A jury heard testimony Thursday in the trial of a San Luis Obispo woman accused of driving intoxicated when she crashed head-on into another vehicle, killing its driver, in rural Santa Margarita in 2016.
The San Luis Obispo County District Attorney's Office alleges that a blood test shows that Jessica Allred, 24, had a blood-alcohol level nearly double the legal limit to drive at the time of the April 30, 2016, crash that killed Santa Margarita resident Denise Fox.
But the blood sample taken from Allred following the crash may have been tainted by a hospital nurse, and other crucial protocols for preserving the evidence may not have been followed, according to testimony.
Allred is accused of gross vehicular manslaughter while intoxicated and driving under the influence, charges that carry sentencing enhancements for causing death. She has pleaded not guilty.
If convicted of all charges and enhancements, Allred faces a maximum of 10 years in state prison. She's posted bail and remains out of custody.
Allred was returning to San Luis Obispo on Highway 58 from the Pozo Stampede event at the Pozo Saloon on April 30, 2016, when she allegedly drove her 1999 Saturn across the solid double yellow line and collided with a 1996 Toyota driven by Fox, according to the CHP. She was arrested in the emergency room of Sierra Vista Regional Medical Center after suffering two fractured ankles and a compound fracture in her leg.
Testimony in the trial began Wednesday afternoon. On Thursday, jurors heard from CHP Officer Barry Williams, who interviewed Allred at Sierra Vista the evening of the crash.
Under examination from Deputy District Attorney Chase Martin, Williams testified that Allred told him she had three beers over a three-hour period before driving. Williams recalled that Allred had red eyes, slurred speech and exhibited signs of nystagmus when he talked to her. Nystagmus is the involuntary movement of the eyes and can be caused by intoxication.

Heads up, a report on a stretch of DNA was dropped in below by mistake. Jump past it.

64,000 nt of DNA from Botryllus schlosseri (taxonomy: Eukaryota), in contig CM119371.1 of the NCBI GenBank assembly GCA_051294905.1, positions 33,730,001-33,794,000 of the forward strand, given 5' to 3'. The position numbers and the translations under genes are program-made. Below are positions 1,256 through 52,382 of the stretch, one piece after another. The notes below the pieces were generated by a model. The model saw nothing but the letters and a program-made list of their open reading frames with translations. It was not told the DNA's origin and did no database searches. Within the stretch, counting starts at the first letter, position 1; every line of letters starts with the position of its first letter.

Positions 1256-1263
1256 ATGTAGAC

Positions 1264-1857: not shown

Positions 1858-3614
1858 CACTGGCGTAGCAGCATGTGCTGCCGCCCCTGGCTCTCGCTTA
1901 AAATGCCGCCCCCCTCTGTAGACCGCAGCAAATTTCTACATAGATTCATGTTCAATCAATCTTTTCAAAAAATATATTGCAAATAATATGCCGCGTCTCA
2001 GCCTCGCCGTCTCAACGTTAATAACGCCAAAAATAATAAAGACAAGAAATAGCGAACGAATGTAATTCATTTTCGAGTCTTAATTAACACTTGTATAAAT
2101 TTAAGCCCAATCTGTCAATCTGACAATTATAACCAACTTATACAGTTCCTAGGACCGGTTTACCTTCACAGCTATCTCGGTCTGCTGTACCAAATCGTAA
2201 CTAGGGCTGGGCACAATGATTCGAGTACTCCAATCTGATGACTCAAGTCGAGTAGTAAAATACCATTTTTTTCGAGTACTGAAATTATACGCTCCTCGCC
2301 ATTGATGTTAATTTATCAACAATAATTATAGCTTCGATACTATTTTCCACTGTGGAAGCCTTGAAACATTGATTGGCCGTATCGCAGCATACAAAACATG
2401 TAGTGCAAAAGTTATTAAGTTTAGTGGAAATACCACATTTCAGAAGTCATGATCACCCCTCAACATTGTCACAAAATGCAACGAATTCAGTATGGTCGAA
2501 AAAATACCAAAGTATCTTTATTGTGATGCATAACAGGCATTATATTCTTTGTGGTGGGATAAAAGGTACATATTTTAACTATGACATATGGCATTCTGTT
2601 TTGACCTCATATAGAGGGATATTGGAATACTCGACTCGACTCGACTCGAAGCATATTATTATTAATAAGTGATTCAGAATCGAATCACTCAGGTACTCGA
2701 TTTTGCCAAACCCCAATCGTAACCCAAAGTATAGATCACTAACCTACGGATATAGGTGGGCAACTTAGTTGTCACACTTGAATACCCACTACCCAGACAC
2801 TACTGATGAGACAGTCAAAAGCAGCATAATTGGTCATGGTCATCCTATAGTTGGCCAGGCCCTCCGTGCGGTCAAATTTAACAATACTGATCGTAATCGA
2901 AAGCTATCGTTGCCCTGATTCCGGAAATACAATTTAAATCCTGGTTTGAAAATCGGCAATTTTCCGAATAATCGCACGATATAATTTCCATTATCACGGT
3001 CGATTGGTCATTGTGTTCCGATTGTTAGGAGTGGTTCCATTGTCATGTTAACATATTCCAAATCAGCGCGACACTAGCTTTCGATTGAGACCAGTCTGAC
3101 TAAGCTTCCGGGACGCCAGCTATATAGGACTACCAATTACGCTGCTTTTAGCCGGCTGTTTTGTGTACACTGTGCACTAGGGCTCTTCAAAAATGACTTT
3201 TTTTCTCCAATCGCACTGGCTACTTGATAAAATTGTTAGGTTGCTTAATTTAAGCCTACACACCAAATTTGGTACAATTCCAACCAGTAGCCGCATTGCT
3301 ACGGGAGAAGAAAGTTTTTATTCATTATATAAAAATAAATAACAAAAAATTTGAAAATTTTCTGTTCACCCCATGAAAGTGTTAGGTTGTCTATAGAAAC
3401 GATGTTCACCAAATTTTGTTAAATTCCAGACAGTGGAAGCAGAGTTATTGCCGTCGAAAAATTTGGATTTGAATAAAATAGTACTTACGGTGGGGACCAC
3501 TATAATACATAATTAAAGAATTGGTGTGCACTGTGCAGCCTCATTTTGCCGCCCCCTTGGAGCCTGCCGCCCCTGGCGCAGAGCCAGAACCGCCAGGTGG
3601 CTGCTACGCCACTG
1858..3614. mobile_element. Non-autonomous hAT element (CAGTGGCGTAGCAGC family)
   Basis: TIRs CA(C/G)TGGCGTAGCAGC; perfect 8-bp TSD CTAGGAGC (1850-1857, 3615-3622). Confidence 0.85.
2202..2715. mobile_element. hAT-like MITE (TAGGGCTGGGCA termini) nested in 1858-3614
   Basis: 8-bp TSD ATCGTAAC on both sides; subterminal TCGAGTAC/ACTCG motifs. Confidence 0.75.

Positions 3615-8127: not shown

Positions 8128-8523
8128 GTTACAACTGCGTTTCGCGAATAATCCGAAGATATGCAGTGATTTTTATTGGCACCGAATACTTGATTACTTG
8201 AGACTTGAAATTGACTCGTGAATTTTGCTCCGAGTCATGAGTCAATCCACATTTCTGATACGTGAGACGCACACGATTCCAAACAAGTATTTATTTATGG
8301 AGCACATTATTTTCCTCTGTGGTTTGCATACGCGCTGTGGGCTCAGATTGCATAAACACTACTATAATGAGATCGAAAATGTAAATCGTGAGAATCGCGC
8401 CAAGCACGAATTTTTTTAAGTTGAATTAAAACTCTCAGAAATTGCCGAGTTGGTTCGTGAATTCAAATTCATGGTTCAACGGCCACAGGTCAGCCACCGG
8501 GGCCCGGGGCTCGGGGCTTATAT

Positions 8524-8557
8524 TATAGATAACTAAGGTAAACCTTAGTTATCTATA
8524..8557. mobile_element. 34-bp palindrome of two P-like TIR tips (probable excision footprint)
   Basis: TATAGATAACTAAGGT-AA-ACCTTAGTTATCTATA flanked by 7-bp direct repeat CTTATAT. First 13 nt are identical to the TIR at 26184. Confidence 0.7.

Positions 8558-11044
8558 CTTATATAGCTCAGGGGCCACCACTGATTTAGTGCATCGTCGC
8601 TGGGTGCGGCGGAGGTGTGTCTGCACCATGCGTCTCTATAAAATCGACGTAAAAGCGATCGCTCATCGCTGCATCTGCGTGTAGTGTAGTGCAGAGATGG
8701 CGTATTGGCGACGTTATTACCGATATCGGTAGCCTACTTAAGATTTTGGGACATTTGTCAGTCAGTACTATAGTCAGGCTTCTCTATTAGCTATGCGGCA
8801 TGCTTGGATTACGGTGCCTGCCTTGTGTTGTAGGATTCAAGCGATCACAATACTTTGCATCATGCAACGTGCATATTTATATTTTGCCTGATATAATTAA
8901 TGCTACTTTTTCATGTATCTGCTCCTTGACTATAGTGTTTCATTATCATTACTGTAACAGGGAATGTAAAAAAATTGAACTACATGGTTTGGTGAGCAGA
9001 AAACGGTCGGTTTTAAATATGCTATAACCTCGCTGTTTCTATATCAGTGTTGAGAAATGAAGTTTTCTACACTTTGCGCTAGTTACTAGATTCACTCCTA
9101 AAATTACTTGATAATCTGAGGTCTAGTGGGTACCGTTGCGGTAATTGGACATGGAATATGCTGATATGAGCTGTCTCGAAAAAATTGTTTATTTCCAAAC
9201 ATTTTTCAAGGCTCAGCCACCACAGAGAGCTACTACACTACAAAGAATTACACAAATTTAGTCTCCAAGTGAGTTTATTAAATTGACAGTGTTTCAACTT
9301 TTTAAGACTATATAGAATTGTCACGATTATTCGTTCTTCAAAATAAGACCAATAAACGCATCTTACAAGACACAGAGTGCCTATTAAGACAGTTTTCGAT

A blood test taken by a nurse while Williams watched later showed a blood alcohol content of 0.17, well over the legal limit of 0.08.
But under cross-examination by Patrick Fisher, Allred's defense attorney, Williams called into question the blood sample.
According to a brief filed by Fisher prior to the trial, Sierra Vista registered nurse Shelly Burns did not follow Title 17 protocol for drawing blood in a possible DUI case. According to the filing, Burns, who was not a certified phlebotomist and who testified Wednesday that she had never before taken a blood draw for a DUI test, applied an alcohol-based solvent to Allred's arm prior to drawing her blood with a syringe.
That solvent caused a falsely elevated alcohol level in her blood sample, Fisher's brief states.
On Thursday, Williams contradicted Burns' account of the blood draw, stating he saw her rub iodine on Allred's arm prior to the blood draw, not alcohol solvent. Burn also stated Wednesday she didn't remember drawing Allred's blood, despite her initials being written on a label stuck to the vial.
Williams also testified that he was not in physical possession of the blood sample the entire time from when it was drawn to when he dropped it off as evidence at the Paso Robles Police Station.
Asked by Fisher if there was ever a time he lost track of the vial of blood while in the hospital, Williams replied: "I knew it was in the room."
Williams also conceded under cross-examination that Allred's eyes could have been red from crying, and that certain medications — including pain medication — could cause nystagmus. It was not stated in court whether Allred was on pain medication during the test.
Also Thursday, Fisher called a defense witness out of turn due to scheduling issues. James Ralston, a former co-worker of Allred's at a local bar and grill who saw her at the Pozo Stampede, testified that he bumped into her as she was leaving the event to report to work.
Ralston said he walked and talked with Allred for approximately two minutes before she drove off, and said he saw no signs of impairment.
"I was very aware she was going to drive her car and I did not (have any concerns)," Ralston testified. "She was concerned about getting to work on time."
Testimony is expected to continue Friday. It is unclear whether Allred plans to take the stand in her defense.
Fox's family has filed a wrongful death lawsuit against Allred. A case management conference in that case is scheduled for late July pending completion of the criminal case.